University of Chicago

The goal of CHABLIS is to promote a sustained research and infrastructure development program that leverages longitudinal data, from both observational and interventional studies, to examine how demographic and economic factors facilitate or suppress individual healthy aging behaviors, and, in turn, influence outcomes among older adults over the life course.

Research Themes
Individual healthy aging behaviors; Family, networks and the life course; Aging in community and larger social contexts; Health outcomes at the hospital, neighborhood, and municipal levels; Measurement and methods for longitudinal studies on aging; Models of care for medically and social complex older adults; Integration of systemic and oral health; Personalized medicine and preemptive pharmacogenetic testing, including in minority populations.

Pilot Projects

  • 2020. Ellis Monk, PhD, Associate Professor of Sociology, Harvard University. Perceived discrimination, especially ethnoracial discrimination, is a significant predictor of the incidence and/or severity of a variety of health outcomes. However, most studies that focus on perceptions of discrimination between-groups fail to define what is meant by ‘racism,’ and rarely consider alternative measures of ‘race’ beyond dichotomous self-identification measures. Monk’s prior research shows that disparities in socioeconomic status among blacks associated with their skin tone rival or exceed SES disparities between blacks and whites as a whole. This pilot study uses innovative measures of skin color, perceived discrimination, and ethnoracial identity to examine their role in shaping health and aging among older adults.

    Perceived discrimination, especially ethnoracial discrimination, is a significant predictor of the incidence and/or severity of a variety of health outcomes. However, most studies that focus on perceptions of discrimination between-groups fail to define what is meant by ‘racism,’ and rarely consider alternative measures of ‘race’ beyond dichotomous self-identification measures. Monk’s prior research shows that disparities in socioeconomic status among blacks associated with their skin tone rival or exceed SES disparities between blacks and whites as a whole. This pilot study uses innovative measures of skin color, perceived discrimination, and ethnoracial identity to examine their role in shaping health and aging among older adults.

    Priority Research Areas: Health Trends and Disparities, Determinants of Health, Well-Being and Longevity


  • 2020. Dmitri Koustas, PhD, Assistant Professor, Harris School of Public Policy. The Rise and Consequences of Alternative Work Arrangements for the Aging Workforce.

    Koustas’ recent work has found rates of self-employment and gig work to be higher among older workers. As gig workers will not obtain health insurance through their gig employer, documenting whether they obtain health care coverage for themselves and their dependents through other means is important for contextualizing the welfare implications of gig work and for understanding the labor supply of gig workers. The aims of this pilot project are to clean and process new data elements, and to explore and develop new research designs to answer questions around gig work and health insurance in the United States.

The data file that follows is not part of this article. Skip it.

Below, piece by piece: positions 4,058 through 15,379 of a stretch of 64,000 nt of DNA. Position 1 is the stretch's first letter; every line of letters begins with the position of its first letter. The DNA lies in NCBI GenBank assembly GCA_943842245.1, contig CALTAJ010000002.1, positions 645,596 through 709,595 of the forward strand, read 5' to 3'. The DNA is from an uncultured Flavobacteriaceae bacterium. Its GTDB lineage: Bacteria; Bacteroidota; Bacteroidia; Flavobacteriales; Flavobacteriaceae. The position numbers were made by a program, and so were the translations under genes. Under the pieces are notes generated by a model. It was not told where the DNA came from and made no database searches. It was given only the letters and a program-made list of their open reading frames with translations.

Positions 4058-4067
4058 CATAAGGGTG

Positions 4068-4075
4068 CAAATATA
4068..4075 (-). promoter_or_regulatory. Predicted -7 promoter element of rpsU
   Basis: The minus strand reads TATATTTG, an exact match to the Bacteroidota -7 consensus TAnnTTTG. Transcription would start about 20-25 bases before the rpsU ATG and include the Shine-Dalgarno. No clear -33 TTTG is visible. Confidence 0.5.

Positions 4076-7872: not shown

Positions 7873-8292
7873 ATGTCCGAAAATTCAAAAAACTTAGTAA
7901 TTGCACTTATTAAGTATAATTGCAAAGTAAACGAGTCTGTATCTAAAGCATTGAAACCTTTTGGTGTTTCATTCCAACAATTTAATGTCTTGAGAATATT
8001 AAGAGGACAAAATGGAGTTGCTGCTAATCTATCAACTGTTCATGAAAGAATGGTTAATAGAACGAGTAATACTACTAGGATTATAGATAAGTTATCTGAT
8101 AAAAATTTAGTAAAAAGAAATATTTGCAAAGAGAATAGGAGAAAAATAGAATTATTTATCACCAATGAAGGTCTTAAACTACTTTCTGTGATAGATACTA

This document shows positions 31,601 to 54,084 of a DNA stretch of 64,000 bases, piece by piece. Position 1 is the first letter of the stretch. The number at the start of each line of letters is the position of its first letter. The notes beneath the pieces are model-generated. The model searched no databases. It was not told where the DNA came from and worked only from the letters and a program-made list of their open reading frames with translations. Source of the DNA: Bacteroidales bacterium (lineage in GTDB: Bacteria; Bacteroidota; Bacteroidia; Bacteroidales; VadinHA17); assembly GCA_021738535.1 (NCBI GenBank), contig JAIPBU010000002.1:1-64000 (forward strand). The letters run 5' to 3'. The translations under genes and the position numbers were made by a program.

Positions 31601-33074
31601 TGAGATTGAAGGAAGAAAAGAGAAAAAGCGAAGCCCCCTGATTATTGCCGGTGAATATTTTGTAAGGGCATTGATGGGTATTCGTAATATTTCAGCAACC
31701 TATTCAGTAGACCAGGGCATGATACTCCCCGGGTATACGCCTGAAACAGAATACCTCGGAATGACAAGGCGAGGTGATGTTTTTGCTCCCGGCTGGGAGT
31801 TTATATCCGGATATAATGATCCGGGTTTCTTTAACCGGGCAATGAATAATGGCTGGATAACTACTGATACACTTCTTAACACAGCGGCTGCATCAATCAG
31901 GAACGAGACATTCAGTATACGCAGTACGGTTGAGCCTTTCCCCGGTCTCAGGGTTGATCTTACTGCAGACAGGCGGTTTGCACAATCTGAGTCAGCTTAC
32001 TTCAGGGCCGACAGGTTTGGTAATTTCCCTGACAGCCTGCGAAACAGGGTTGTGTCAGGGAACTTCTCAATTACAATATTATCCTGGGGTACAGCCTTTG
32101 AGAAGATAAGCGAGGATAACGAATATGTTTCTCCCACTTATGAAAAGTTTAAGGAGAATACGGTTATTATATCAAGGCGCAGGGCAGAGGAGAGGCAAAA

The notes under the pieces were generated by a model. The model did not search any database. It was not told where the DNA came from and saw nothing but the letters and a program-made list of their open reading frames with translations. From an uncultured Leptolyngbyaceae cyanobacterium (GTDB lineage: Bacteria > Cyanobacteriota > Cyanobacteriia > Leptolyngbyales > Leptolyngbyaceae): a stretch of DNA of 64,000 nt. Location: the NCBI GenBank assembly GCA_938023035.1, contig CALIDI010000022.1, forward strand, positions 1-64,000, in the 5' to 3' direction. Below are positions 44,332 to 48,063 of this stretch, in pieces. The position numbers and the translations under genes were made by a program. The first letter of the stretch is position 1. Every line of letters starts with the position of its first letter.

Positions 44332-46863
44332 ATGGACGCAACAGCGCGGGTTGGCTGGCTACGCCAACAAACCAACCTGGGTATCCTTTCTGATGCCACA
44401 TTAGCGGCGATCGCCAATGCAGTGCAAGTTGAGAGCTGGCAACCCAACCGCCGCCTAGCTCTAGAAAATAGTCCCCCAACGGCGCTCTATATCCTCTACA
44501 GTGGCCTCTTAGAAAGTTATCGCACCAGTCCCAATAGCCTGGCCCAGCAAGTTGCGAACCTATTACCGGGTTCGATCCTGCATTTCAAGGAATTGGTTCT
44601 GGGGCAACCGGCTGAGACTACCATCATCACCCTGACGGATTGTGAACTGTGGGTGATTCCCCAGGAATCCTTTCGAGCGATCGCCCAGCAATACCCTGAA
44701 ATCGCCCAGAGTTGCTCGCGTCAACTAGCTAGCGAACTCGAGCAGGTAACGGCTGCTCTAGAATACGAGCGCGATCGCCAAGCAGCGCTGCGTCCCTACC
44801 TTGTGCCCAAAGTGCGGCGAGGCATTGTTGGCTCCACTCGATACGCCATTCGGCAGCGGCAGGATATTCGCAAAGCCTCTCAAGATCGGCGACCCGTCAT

Priority Research Areas: Disability, Health Care and Long-Term Care, Population, Economic and Health Forecasting


  • 2020. Greg Kaplan, PhD, Professor of Economics, UChicago. Health Care Spending, Mortality and the Macroeconomic and Distributional Effects of Health Inequality at Older Ages.

    In existing work, Kaplan and colleagues have analyzed the joint economic and health implications of different polices by integrating an expanded SIR model of virus spread into a macroeconomic model with realistic income and wealth inequality, as well as occupational and sectoral heterogeneity. However, this work has so far not considered the role of age as a dimension of heterogeneity. The aim of this pilot project is to fill this gap by expanding both the epidemiological and economic blocks of the model to include older people.

    Priority Research Areas: Population, Economic and Health Forecasting


  • 2020. Peter O'Donnell, MD, Associate Professor of Medicine, UChicago. Impact of Pharmacogenetics in a High Utilizer Program for Older Adults at Increased Risk of Hospitalization.

    Progress in pharmacogenomics (PGx) has led to identification of genetic variants that impact response or toxicity for hundreds of drugs. To address barriers to implementation, O’Donnell has developed a genomic prescribing system (GPS), which incorporates preemptive PGx test results and translates patient-specific genotypes into concise, real-time guidance integrated into the University of Chicago Medical Center’s (UCM) EPIC electronic health record. This pilot will evaluate whether the Comprehensive Care Physician (CCP) Program, designed to improve care for older adults at increased risk of hospitalization by giving them a physician who will care for them in and out of the hospital, may provide a stronger setting in which to assess the effect of the GPS system for PGx.

    Priority Research Areas: Biology, Genetics and Demography of Aging, Effects of Interventions on Population Health



Center Administrator/Media Contact: Kelsey Bogue